B. Retaliation

Plaintiff states that he was being retaliated against by Defendants. "Within the prison context, a viable claim of First Amendment retaliation entails five basic elements: (1) An assertion that a state actor took some adverse action against an inmate (2) because of (3) that prisoner's protected conduct, and that such action (4) chilled the inmate's exercise of his First Amendment rights, and (5) the action did not reasonably advance a legitimate correctional goal." Rhodes v. Robinson, 408 F.3d 559, 567-68 (9th Cir. 2005).

It is difficult to determine what protected action Plaintiff alleges retaliation for. Plaintiff does state that he filed a grievance. However, it appears that this grievance was filed after the allegedly retaliatory adverse actions (false charges, deprivation of due process, and, ultimately, a transfer) occurred. As currently pleaded, the Court can not determine what, if any, protected conduct Plaintiff was attempting. The Court will give Plaintiff leave to amend this claim. In the amended complaint, Plaintiff should keep in mind the following standards.

A grievance is a protected action under the First Amendment. Valandingham v. Bojorquez, 866 F.2d 1135, 1138 (9th Cir. 1989). Being transferred is an adverse action sufficient to meet the standard. Pratt v. Rowland, 65 F.3d 802, 806 (9th Cir. 1995). Here, Plaintiff fails to allege that he was performing some kind of protected conduct.

The second element of a prisoner retaliation claim focuses on causation and motive. See Brodheim v. Cry, 584 F.3d 1262, 1271 (9th Cir. 2009). A plaintiff must show that his protected conduct was a "'substantial' or 'motivating' factor behind the defendant's conduct." Id. (quoting Morgan, 874 F.2d at 1314). Although it can be difficult to establish the motive or intent of the defendant, a plaintiff may rely on circumstantial evidence. Bruce v. Ylst, 351 F.3d 1283, 1289 (9th Cir. 2003) (finding that a prisoner established a triable issue of fact regarding prison officials' retaliatory motives by raising issues of suspect timing, evidence, and statements); Hines v. Gomez, 108 F.3d 265, 267-68 (9th Cir. 1997); Pratt v. Rowland, 65 F.3d 802, 808 (9th Cir. 1995) ("timing can properly be considered as circumstantial evidence of retaliatory intent"). Here, Plaintiff fails to allege any facts related to causation or motive. Plaintiff also fails to attribute the retaliation to a named Defendant.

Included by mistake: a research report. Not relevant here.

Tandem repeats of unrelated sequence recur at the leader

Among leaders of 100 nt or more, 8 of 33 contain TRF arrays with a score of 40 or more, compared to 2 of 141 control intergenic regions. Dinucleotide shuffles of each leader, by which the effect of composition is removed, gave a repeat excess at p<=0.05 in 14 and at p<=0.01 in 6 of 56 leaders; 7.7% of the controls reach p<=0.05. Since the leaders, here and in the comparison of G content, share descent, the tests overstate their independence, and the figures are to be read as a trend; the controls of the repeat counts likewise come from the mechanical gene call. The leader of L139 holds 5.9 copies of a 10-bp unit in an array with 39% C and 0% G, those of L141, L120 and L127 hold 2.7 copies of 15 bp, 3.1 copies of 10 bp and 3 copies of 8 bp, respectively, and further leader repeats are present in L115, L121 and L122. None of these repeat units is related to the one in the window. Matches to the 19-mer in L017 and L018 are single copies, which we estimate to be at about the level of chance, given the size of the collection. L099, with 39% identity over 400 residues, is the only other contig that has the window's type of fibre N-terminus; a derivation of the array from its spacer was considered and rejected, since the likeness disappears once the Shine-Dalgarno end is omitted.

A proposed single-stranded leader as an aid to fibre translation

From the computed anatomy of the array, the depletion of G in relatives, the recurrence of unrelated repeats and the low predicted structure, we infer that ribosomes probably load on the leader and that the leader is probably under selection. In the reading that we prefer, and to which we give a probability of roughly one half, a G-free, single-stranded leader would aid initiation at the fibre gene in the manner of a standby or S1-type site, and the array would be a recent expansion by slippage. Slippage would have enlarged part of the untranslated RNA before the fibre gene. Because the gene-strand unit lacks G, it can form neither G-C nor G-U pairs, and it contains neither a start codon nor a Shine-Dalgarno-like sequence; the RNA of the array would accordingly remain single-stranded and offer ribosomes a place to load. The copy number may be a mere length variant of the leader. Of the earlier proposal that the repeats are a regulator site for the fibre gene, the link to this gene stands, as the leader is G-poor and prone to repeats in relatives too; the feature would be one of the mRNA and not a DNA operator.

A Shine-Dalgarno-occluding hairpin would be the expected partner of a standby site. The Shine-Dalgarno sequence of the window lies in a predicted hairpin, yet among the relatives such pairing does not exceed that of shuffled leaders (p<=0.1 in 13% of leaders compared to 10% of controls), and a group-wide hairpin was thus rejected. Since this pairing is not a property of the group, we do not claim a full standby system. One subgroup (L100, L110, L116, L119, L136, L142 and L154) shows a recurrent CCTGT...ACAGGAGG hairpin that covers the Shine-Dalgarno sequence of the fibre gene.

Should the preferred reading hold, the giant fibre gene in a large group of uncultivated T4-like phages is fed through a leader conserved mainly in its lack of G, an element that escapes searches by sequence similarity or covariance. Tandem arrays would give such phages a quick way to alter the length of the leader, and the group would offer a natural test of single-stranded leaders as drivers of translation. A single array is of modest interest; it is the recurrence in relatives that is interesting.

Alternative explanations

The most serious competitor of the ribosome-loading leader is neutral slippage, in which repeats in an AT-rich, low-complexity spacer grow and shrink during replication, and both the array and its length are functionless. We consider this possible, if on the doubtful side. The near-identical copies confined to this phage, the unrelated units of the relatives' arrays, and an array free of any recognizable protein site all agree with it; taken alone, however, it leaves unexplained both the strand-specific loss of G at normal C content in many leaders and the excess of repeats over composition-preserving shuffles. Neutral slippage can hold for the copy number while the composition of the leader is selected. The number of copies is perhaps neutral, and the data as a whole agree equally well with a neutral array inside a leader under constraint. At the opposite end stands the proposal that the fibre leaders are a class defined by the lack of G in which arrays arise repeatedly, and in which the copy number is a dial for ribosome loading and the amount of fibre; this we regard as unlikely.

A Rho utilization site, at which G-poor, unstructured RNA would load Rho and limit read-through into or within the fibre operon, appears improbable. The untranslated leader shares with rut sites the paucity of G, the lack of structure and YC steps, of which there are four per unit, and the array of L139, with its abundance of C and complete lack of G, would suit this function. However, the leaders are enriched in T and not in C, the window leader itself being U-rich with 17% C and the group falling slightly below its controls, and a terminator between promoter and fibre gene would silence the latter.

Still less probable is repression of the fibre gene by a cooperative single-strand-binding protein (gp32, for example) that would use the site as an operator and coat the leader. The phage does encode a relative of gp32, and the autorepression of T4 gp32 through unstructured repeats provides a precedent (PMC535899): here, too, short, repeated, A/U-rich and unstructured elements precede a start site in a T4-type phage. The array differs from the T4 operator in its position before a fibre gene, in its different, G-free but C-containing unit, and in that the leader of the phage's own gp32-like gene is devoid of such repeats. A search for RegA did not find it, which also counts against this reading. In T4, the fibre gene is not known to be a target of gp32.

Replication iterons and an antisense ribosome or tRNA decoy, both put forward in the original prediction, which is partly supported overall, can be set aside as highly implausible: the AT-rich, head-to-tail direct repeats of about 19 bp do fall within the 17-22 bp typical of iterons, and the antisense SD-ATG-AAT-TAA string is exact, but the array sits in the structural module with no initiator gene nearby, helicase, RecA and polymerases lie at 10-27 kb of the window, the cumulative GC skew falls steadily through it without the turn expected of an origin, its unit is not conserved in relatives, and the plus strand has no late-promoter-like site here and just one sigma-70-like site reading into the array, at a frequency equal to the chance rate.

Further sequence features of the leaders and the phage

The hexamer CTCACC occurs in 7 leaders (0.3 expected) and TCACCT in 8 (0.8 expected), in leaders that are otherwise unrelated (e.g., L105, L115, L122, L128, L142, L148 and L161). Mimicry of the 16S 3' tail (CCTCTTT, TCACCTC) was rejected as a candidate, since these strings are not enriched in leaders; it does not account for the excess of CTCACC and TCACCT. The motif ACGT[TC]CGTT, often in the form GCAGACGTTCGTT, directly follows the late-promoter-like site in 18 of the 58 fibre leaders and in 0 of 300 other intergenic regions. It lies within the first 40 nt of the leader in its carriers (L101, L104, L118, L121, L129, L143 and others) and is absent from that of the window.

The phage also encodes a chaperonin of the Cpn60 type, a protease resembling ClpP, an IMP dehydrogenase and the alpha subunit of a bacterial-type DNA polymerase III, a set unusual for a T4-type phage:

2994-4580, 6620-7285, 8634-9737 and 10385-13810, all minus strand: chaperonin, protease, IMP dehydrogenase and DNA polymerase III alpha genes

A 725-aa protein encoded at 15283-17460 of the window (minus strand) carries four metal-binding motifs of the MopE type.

With respect to the fourth prong, "[it] would be unjust to allow a defendant to escape liability for a First Amendment violation merely because an unusually determined plaintiff persists in his protected activity . . . ." Mendocino Envtl. Ctr. v. Mendocino County, 192 F.3d 1283, 1300 (9th Cir. 1999). The correct inquiry is to determine whether an official's acts would chill or silence a person of ordinary firmness from future First Amendment activities. Rhodes, 408 F.3d at 568-69 (citing Mendocino Envtl. Ctr., 192 F.3d at 1300).

Here, the alleged actions of Defendants would chill or silence a person of ordinary firmness from pursuing First Amendment activities. Thus, Plaintiff has met the fourth prong for a retaliation claim.

With respect to the fifth prong, a prisoner must affirmatively allege that "the prison authorities' retaliatory action did not advance legitimate goals of the correctional institution or was not tailored narrowly enough to achieve such goals." Rizzo v. Dawson, 778 F.2d 527, 532 (9th Cir. 1985). This is not a high burden to reach. See id. (prisoner's allegations that search was arbitrary and capricious sufficient to satisfy this inquiry). Plaintiff does not address this prong at all. However, it appears to the Court that the determination that Plaintiff was a threat to the safety of the institution could be a legitimate penological basis for a transfer.

As stated, Plaintiff has failed to satisfy all elements of a retaliation claim. Plaintiff will be given one additional opportunity to amend to attempt to state such a claim.

C. Cruel and Unusual

Plaintiff alleges that he was subjected to cruel and unusual punishment during his placement in ad-seg because he was only allowed out of his cell for three hours a day and was not allowed outdoor exercise, sunshine, or fresh air.